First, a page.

| h::t => if h >= 0 andalso not(contains_internal(h,repOK(t)))
                then s
                else raise Fail "RI failed"
  val empty = []
  fun single(x) = repOK([x])
  fun contains(x,s) = contains_internal(repOK(s))
  fun union(s1, s2) =
    repOK (foldl (fn (x,s) => 
                    if contains(x,s) then s else x::s)
            (repOK(s1)) (repOK(s2)))
  fun size(s) = length(repOK(s))

Here, repOK is implemented using contains_internal rather than the function contains, because using contains would result in a lot of extra repOK checks.  Writing an unchecked helper function like this is a common pattern when implementing a repOK check. Fortunately we can reuse contains_internal when implementing the real contains.

Production vs. development code

Calling repOK on every argument can be too expensive for the production version of a program. The repOK above is quite expensive (though it could be implemented more cheaply). For production code it may be more appropriate to use a version of repOK that only checks the parts of the rep invariant that are cheap to check. When there is a requirement that there be no run-time cost, repOK can be changed to an identity function (or macro) so the compiler optimizes away the calls to it. Howver, it is a good idea to keep around the full code of repOK (perhaps in a comment) so it can be easily reinstated during future debugging.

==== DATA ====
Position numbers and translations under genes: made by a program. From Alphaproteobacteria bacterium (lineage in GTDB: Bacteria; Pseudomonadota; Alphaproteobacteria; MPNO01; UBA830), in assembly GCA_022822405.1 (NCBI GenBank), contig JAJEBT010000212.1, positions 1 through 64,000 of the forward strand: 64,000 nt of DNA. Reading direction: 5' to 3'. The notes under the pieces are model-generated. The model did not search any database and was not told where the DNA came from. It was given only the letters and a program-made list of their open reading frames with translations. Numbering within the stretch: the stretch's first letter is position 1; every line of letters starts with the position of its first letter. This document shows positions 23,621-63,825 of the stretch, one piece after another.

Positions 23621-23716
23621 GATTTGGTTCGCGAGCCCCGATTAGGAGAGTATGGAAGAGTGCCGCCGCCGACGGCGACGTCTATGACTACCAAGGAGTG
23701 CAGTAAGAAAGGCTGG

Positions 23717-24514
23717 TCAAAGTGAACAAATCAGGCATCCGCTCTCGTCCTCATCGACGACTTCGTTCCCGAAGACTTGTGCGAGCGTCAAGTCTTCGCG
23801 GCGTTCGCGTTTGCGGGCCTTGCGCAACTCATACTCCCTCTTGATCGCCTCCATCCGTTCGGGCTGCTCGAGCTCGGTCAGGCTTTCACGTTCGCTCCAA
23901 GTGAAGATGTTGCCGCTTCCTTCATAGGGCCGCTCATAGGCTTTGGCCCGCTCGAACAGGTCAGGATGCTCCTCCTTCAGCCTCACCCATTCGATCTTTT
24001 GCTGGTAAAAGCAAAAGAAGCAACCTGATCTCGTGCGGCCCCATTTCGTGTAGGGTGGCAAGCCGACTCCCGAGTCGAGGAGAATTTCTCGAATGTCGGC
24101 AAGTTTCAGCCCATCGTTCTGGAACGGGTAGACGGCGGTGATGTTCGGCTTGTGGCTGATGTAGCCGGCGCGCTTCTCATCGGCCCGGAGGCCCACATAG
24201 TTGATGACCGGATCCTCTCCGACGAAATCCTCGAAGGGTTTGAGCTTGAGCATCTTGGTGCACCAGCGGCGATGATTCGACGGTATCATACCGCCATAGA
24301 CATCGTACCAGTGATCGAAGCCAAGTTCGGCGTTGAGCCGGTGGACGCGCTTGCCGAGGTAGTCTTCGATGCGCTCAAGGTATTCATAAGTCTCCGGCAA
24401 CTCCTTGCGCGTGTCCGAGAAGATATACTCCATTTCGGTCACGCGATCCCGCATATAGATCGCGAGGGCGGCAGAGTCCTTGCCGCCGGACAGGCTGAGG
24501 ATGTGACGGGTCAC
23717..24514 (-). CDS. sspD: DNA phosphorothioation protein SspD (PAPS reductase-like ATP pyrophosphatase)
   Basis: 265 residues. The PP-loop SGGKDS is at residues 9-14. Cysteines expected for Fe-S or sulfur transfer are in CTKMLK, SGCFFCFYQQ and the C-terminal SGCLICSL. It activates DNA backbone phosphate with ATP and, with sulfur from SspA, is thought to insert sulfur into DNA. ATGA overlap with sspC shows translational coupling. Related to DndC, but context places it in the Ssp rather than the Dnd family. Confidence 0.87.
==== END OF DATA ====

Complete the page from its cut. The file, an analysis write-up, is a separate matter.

Module invariants

Invariants on data are useful even when writing modules that are not easily considered to be providing abstract data types. Sometimes it is difficult to identify an abstract view of data that is provided by the module, and there may not be any abstract type at all. Invariants are important even without an abstraction function, because they document the legal states and representations that the code is expected to handle correctly. In general we refer to module invariants as invariants enforced by modules. In the case of an ADT, the rep invariant is a module invariant. Module invariants are useful for understanding how the code works, and also for maintenance, because the maintainer can avoid changes to the code that violate the module invariant.